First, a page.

“There are times we come up short. Times when the best efforts fail. Pouring our time, life, entire being into benefiting another human against odds which, ultimately, prove insurmountable leaves us depleted, drained, demoralized.
If you have not stood in this isolated, dark, desolate place, you are not a trial lawyer.”
Lee Patton, Esq., St. Louis, Missouri
When you doubt yourself and want to give up, NEVER QUIT. Success might be right around the corner.
Tip #2: Live in Day-Tight Compartments
Dale Carnegie, author of the classic 1944 book, “How to Stop Worrying & Start Living”, teaches us to “live in day-tight compartments”. This means living for today. Don’t worry about what might happen tomorrow or down the road—only focus on the things that are within your control today.
“It is not our goal to see what lies dimly in the distance but to do what clearly lies at hand.”
When I am in trial, I try not to worry about the outcome. Why? Because I don’t control the outcome, a small group of 6 jurors decide who wins the trial. It isn’t productive to worry about something that I don’t control. I try not to worry about any aspect of the trial other than what I am doing that day.
Tip #3: Focus on Your Circle of Influence
Try not to worry about things that you don’t control. Stephen R. Covey, author of the classic book, “7 Habits of Highly Effective People”, teaches us that there are 2 circles, namely, the CIRCLE OF CONCERN and the CIRCLE OF INFLUENCE. The Circle of Concern are those problems over which you have no influence, e.g., nuclear war, famine, while the Circle of Influence consists of a much smaller subset of the issues over which you control, e.g., your health, fitness, faith.
“The place to begin building any relationship is inside ourselves, inside our circle of influence, our own character.”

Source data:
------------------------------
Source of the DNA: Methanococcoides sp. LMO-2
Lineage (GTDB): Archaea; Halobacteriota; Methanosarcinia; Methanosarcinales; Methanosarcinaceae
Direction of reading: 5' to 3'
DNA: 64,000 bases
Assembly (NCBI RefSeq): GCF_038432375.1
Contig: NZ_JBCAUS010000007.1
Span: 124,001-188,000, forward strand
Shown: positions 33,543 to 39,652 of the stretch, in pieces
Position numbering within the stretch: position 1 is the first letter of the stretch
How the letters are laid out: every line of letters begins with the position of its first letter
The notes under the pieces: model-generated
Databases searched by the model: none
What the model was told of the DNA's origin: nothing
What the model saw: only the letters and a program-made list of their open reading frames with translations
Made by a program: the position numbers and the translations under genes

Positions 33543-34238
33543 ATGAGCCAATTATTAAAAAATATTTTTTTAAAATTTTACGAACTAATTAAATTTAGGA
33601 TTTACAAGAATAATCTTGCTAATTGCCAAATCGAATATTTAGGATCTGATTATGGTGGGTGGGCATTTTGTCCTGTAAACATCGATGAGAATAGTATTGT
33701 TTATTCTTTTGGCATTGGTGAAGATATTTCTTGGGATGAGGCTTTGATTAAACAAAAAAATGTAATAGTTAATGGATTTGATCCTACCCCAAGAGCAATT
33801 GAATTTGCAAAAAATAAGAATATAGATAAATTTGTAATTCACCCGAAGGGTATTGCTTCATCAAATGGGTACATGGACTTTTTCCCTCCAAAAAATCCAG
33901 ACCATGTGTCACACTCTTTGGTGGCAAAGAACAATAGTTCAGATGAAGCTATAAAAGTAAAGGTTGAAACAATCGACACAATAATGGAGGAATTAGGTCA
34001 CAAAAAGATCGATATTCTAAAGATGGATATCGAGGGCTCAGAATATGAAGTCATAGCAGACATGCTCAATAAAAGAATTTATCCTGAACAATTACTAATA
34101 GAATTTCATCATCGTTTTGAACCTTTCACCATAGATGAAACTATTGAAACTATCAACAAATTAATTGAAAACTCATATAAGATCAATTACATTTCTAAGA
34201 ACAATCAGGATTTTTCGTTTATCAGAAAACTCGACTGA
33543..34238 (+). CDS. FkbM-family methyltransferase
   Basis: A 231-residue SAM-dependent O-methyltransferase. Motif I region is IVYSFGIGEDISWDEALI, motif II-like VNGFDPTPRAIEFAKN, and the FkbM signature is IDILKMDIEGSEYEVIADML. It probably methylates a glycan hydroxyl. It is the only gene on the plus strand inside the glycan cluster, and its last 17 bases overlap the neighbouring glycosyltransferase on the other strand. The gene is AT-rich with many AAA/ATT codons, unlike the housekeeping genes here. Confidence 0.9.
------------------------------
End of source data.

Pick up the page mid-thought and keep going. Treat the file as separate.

Stephen R. Covey
Why waste time watching the news and worrying about world-wide events over which you have no control? This is a waste of your time. Instead, focus on the things that you control, e.g., read 5 pages of a book, spend 5 minutes alone in prayer, learn meditation or yoga, or go for a jog. Don’t worry about crazy dictators in foreign countries; instead, stop watching TV and get to work improving yourself, even in small ways.
Failure Can Lead to Surprising Results
Fast forward to a chance encounter with a defense lawyer in an elevator following a deposition. I had worked against this defense lawyer for more than 15 years and we knew each other well. Out of the blue, the defense lawyer bluntly said, “There’s something I have to tell you. I’ve never seen you this happy.” For the first time, I realized that the scariest day of my life (10 years earlier) was also one of the best.
I have had more than my share of tough days, doubts and defense verdicts. Life as a self-employed law firm owner is hard and I never stopped second guessing myself, but the security and stability of a job was nothing more than playing it safe. While I had no idea at the time, I discovered over time that it is far more rewarding to work for my family. It just feels better.
Is it easy overcoming hardship, doubt and struggle? Hell, no. But who ever said life is easy.